He started his design-build construction company, Cutler Associates, in 1972, and a second business in financial advising, Cutler Capital Management LLC, in 2003. In addition, he is a founder of Flagship Bank and Madison Banc Shares.
The Melvin S. Cutler Charitable Foundation (MSCCF) has, for years, reflected Cutler’s deep belief in giving – and giving significantly. He makes the final decision about all allocations, drawing on information from the active members of his foundation’s board of trustees, including his son, Doug, daughter, Liz, and granddaughter, Kelly.
“It is Mel’s foundation and it is his mission that he tries to achieve that we as trustees try to support with our input, research and analysis of projects,” says trustee and advisor Robert Adler.
Cutler is, notes Adler, notoriously modest, and the Foundation does not seek publicity. That said, it has for years quietly and generously supported the Jewish Federation of Central Massachusetts, the Worcester Jewish Community Center, and Clark University’s Holocaust Studies program.
Its recent establishment of an endowment for the Young Emissaries Program in Central Massachusetts with a gift of $300,000 followed long-term support of the SNEC program’s annual Shabbaton, hosted by Clark University’s Hillel. Gifts have also gone to the Jewish National Fund and the Anti-Defamation League as well as many other Jewish organizations.
In Israel, Cutler has supported a range of programs in Afula, Worcester’s sister city and the region from where young Israeli emissaries journey every year to spend time in southern New England. Some of the grant recipients include Emek Hospital, the Tarbut art program and a rape crisis program supported by Haifa Rape Crisis Center’s Valleys project.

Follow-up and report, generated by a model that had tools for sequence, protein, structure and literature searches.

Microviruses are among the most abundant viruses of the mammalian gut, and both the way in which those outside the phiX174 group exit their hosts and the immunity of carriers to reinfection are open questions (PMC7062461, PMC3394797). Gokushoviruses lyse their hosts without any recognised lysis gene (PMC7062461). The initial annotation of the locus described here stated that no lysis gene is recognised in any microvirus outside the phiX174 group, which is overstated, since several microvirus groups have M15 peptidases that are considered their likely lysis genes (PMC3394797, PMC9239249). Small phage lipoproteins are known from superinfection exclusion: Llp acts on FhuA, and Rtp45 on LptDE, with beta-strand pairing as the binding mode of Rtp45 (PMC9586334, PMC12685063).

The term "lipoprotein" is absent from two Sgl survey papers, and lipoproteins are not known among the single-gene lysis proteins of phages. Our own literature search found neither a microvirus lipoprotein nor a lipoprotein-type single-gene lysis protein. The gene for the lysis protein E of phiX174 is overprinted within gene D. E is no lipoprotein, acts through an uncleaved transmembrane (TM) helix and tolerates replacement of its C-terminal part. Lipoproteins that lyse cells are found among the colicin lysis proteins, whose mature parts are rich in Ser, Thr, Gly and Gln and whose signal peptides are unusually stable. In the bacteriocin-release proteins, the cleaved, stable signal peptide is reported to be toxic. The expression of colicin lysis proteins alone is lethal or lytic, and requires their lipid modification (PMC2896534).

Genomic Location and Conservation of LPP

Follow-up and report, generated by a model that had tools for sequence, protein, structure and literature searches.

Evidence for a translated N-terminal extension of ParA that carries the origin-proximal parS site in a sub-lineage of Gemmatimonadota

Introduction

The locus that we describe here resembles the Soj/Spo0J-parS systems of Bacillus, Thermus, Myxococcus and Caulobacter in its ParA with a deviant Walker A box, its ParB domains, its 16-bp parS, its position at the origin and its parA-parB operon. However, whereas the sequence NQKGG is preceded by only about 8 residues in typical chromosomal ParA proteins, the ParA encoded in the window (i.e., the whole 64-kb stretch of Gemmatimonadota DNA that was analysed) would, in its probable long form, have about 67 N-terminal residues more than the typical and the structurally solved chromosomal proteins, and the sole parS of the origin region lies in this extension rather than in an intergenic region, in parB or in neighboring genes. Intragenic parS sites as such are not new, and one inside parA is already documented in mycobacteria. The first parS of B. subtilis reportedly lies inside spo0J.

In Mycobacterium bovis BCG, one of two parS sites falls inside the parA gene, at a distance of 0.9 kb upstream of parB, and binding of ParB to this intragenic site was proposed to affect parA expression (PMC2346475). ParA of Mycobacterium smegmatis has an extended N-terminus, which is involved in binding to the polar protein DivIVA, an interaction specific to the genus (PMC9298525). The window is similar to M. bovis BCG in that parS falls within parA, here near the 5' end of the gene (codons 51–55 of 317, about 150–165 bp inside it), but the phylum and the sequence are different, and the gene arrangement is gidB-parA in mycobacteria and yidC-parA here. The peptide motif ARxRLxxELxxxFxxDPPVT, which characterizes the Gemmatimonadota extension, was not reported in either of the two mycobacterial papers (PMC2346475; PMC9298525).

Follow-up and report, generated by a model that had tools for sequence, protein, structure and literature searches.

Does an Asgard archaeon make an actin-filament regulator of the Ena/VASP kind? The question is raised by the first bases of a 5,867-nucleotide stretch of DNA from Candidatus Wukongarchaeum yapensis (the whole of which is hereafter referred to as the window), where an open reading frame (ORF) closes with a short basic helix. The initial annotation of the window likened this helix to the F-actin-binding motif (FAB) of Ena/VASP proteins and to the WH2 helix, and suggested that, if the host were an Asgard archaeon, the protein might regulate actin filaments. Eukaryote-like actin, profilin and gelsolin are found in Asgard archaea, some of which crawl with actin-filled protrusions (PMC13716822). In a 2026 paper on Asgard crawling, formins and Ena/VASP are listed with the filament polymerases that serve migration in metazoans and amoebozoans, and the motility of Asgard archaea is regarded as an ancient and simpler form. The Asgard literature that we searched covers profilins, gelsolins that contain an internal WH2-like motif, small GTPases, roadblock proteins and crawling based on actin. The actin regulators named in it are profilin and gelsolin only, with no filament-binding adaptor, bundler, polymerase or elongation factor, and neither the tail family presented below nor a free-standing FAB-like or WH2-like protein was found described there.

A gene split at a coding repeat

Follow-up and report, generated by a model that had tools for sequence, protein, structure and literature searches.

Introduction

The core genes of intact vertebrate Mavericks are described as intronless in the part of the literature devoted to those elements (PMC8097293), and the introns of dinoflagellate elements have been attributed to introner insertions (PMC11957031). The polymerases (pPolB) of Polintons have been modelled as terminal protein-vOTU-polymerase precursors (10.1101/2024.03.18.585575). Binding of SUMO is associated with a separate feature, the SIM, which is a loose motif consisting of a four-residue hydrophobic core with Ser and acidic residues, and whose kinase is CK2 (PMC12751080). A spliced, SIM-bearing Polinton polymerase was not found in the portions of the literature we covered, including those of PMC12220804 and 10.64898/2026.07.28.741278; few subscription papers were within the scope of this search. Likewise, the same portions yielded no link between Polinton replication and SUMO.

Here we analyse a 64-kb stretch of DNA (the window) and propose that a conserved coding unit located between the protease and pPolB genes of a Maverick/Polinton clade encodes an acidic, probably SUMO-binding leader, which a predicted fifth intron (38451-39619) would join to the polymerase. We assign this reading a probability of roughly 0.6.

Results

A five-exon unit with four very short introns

At home in Worcester, says Rob Adler, the foundation’s “local community projects in large part support programs that assist certain populations achieve economic advancement; for example, a financial literacy program in a women’s shelter or halfway house.”
To that end, the MSCCF has given grants to Quinsigamond Community College, the local arts community through ARTS Worcester and a business education program for artists, and the Veterans’ Shelter. In addition, support has gone to UMass Memorial Medical School. A 2010 grant supports the independent research or young investigators and, in 2013, Cutler endowed a chair in his name and that of his late wife, Sandy, at UMass Memorial Medical School.
Linda Horvitz Post
“As far back as I can remember, the quiet one, doodling in the margins of my notebooks while I was supposed to be listening and taking notes, drawing portraits of my friends and classmates,” recalls Linda Horvitz Post, founder and executive director of the Northampton Paradise City Arts Festival, which just celebrated its 20th year.
Post and her husband, Geoffrey, founded the festival after spending 20 years participating in high-quality craft fairs around the country, selling the wares of the fine craft business they started after college.